Types of Profiling

This tutorial discusses the types of profiling that Performance Validator provides, and the strengths and weaknesses of each approach. The tutorial concludes with a brief description of how to use each type of profiling for the maximum benefit.

Sampled profiling

Performance Validator supports sampled profiling. Sampled profiling provides an instant launch of your application without the overhead of any instrumentation. Sampled profiling works by periodically stopping all executing threads and collecting the callstack for each thread, analysing the callstack for how often a given source code file and line occurs, then restarting each thread. Over a period of time, a statistical analysis of the number of lines visited and how often each line is visited can provide insight into the application’s performance.


  • Instant application launch/ application attach.
  • No instrumentation overhead.
  • Useful for getting a “quick view” on the application behaviour.


  • Results are statistical, rather than time based.
  • Line timing cannot be performed when sampling is used.
  • Performance collectors cannot be performed when sampling is used.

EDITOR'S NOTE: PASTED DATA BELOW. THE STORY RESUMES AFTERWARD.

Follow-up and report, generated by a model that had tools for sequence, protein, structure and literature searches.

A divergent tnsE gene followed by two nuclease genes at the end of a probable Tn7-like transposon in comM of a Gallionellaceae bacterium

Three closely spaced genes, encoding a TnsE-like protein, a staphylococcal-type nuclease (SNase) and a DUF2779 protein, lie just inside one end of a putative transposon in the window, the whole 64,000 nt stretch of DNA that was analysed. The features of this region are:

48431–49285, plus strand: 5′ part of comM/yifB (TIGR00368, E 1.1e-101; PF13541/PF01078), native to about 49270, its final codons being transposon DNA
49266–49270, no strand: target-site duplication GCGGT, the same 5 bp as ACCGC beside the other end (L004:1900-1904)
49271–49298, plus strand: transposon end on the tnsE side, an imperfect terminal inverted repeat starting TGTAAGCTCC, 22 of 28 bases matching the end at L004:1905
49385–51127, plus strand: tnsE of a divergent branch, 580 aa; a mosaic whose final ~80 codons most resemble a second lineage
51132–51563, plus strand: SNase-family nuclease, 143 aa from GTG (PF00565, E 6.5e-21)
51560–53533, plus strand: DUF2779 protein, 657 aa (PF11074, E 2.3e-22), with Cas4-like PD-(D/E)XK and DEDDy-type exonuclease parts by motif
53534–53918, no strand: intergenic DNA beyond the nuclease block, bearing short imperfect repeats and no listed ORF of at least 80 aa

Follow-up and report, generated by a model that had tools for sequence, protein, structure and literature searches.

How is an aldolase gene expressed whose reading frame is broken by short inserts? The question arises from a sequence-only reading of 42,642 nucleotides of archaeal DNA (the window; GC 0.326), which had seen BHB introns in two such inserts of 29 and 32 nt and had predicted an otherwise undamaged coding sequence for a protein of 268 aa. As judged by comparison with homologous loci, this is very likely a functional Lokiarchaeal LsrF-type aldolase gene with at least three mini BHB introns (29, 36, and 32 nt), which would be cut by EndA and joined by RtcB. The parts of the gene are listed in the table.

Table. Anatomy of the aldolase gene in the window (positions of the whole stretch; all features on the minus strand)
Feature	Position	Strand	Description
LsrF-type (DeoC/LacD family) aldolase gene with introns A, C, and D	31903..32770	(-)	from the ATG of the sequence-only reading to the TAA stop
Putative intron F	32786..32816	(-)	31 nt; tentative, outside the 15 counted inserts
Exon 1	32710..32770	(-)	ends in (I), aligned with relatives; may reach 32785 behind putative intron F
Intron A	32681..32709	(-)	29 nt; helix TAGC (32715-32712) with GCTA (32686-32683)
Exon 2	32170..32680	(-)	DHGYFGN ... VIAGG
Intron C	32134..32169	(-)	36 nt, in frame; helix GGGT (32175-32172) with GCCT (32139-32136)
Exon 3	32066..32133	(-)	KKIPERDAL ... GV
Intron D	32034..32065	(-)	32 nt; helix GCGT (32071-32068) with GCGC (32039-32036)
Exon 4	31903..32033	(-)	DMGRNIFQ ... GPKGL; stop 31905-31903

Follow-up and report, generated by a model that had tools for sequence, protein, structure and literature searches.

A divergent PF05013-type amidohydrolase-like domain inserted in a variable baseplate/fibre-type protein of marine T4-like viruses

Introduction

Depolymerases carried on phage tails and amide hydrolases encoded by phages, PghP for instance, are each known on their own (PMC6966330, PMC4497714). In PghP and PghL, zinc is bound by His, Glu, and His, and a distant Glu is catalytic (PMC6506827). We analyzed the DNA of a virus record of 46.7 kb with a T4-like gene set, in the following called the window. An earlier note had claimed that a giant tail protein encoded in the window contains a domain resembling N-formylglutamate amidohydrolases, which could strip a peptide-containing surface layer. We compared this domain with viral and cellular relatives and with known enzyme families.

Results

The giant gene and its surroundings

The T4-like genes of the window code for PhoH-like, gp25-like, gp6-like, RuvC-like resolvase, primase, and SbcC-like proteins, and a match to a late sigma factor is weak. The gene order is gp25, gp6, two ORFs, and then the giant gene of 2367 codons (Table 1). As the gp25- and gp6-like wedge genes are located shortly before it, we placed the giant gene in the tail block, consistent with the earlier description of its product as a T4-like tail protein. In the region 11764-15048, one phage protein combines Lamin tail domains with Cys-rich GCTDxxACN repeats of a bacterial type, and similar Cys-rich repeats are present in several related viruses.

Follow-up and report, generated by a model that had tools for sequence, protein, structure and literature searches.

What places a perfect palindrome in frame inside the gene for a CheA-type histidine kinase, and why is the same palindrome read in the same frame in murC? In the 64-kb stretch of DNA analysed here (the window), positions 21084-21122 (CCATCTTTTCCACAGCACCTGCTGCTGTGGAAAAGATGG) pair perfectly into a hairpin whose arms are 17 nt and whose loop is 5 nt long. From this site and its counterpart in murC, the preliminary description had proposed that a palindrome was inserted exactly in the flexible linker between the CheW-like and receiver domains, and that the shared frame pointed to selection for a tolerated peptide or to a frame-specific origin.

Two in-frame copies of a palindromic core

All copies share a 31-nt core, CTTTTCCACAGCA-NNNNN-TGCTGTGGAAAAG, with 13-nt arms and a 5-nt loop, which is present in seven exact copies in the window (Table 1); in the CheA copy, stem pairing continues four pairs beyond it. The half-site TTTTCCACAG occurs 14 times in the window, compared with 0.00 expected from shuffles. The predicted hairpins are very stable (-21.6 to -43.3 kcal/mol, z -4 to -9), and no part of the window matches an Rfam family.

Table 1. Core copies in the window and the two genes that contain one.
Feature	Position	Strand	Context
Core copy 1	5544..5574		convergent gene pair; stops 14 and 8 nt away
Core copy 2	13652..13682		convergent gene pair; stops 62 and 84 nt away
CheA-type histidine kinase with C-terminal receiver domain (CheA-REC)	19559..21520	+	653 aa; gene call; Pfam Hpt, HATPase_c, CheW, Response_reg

• Cannot restrict collected data to a selected part of the application.

Instrumentation profiling

Performance Validator supports instrumentation profiling. Instrumentation profiling provides accurate timing information as well as information about the number of visits to a function or source code line. Performance Validator offers a selection of different timing options, some faster than others, some more accurate than others, each with a different trade off (typically, accuracy increases as speed decreases).


  • Timing information is more accurate than sampling information.
  • Line timing can be used to gather information about time consuming lines in algorithms.
  • Performance collectors can be used to collect data only in certain parts of the application.
  • Instrumentation can be restricted to certain parts of the application.
  • Useful for getting an “accurate view” on the timing of individual parts of the application.


  • Launching the application requires instrumentation.
  • Collecting the timing information has a time overhead.


It may at first seem an either / or scenario – “which type of profiling do I use?”.

Fortunately the sampling and instrumentation methods are complementary and can be used hand-in-hand. Typically, when a performance problem is first identified, you will select the “Sampling” mode and run a few tests to identify the area of your application that is running slowly, then switch to an appropriate instrumentation mode (with optional restrictions on which parts of the application are profiled), then repeat your tests using the instrumentation mode. Finally if you think individual parts of an algorithm are the cause of the performance problem, you can enable line timing to identify which lines in a particular algorithm take up all the time.

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